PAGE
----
Around 1/7th of the world population uses chopsticks in daily use. Most of this use originates in China, Japan or Korea, but it is not unlikely to see chopsticks featuring in Chinese restaurants across Europe. While chopsticks in China and Japan are mostly made of wood, Korean chopsticks are made of metal.
Metal chopsticks have become a Korean tradition. In the earlier ages, emphasis was placed on the cost-effectiveness of chopsticks, rather on other aesthetic features. At that time in Korea, metal was more abundant and cheaper than wood. Therefore it quickly began to replace wood in that particular usage. Metal chopsticks were also more durable and had a longer life.
Historians also argue that hygiene could have been an important factor. It is contestable as to whether the concept of hygiene existed in the Korean society then, but the strong adherence to metal chopsticks even after wood became cheaper, suggests that it had. It is also suggested that metal utensils were associated with the aristocracy in many countries and the fact that the common man could also use them, was a very satisfying thought in Korea.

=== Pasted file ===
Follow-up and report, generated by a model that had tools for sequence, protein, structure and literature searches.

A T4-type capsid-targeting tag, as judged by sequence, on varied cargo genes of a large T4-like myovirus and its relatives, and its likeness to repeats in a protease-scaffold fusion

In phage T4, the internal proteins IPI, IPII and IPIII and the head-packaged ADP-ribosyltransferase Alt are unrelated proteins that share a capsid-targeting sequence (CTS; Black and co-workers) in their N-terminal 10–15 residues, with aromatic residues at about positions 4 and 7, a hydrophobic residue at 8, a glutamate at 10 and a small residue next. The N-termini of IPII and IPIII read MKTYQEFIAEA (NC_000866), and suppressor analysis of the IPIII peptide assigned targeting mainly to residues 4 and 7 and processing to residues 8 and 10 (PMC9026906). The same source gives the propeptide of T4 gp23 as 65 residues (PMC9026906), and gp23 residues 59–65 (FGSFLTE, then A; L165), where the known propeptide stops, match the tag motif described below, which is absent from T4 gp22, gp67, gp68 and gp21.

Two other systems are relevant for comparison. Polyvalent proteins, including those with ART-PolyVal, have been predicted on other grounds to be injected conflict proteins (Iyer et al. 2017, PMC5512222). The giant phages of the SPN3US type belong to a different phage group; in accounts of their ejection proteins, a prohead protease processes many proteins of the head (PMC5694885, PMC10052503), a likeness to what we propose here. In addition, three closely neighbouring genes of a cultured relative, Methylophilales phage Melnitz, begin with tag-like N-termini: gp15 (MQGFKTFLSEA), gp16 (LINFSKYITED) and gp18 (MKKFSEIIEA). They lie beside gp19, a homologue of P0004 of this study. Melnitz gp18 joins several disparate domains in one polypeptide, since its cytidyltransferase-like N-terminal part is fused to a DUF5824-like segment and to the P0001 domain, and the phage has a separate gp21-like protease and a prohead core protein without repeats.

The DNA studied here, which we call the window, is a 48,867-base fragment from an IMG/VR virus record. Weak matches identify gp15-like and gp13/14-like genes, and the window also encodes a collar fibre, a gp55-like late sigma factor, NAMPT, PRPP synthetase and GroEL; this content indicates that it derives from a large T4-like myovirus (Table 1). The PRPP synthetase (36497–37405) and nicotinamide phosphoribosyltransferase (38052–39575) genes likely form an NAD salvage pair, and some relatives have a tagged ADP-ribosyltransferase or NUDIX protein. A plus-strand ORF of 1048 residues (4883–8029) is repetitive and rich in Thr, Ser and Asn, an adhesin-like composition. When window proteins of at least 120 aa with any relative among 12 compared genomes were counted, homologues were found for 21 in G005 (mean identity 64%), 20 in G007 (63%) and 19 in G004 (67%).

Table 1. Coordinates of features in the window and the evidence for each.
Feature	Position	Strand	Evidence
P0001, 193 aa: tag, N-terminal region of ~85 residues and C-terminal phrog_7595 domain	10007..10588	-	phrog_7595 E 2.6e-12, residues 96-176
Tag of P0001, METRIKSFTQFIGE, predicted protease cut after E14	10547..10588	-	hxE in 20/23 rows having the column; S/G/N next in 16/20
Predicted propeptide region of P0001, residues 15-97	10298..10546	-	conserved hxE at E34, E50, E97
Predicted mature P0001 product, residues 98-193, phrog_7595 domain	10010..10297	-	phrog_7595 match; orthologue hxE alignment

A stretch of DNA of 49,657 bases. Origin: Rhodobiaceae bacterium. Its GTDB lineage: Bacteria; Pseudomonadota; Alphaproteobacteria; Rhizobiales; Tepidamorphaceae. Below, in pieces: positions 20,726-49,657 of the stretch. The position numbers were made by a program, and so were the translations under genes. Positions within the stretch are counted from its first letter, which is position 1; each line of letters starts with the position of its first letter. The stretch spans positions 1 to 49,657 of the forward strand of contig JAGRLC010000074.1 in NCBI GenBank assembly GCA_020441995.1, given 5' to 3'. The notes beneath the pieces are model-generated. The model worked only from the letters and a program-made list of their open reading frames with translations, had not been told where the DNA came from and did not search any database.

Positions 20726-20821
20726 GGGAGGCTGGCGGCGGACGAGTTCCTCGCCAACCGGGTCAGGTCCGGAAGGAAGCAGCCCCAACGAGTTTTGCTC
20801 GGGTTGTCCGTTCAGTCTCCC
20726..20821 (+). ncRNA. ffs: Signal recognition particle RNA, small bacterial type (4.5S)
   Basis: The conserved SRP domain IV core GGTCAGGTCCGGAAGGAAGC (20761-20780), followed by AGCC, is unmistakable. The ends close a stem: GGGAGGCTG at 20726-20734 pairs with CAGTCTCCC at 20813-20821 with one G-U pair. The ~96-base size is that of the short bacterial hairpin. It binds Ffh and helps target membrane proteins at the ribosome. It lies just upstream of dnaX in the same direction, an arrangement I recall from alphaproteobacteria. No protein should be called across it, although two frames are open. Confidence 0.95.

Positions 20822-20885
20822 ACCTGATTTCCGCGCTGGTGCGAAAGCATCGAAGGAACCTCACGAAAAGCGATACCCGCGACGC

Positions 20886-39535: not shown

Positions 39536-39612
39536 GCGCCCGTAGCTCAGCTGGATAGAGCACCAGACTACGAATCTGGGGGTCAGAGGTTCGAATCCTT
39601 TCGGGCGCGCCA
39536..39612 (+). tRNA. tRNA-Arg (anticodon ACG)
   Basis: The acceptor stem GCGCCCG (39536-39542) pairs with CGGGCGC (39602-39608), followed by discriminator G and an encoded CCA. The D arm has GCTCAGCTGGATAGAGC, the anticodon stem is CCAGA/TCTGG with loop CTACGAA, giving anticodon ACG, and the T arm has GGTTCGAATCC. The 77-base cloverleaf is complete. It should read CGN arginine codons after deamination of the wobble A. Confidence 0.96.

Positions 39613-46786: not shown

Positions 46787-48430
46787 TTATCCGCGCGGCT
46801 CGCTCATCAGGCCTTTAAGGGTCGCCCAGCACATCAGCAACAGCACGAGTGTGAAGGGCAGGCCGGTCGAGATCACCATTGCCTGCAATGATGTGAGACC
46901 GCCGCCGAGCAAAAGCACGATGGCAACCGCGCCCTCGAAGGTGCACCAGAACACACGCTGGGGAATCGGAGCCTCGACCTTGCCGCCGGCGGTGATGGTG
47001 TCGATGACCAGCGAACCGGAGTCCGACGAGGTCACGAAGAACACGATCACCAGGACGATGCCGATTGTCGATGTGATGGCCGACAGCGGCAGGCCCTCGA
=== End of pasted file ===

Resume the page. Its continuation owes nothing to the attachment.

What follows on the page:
Of course, the modern argument is completely different. The health benefits of chopstick usage are ample; they are an amazing exercise for the joints and muscles, and can instill dexterity in their users. Metal chopsticks are much better than wood in this regard, due to their weight. Because Korea excels in high technology industries, such dexterity is very welcome.
This therefore is why metal chopsticks are in vogue in Korea. Some habits come to stick, and they become traditions. It is only after they have been adopted that their benefits come to light. The story of Korea and metal chopsticks is one case of the same.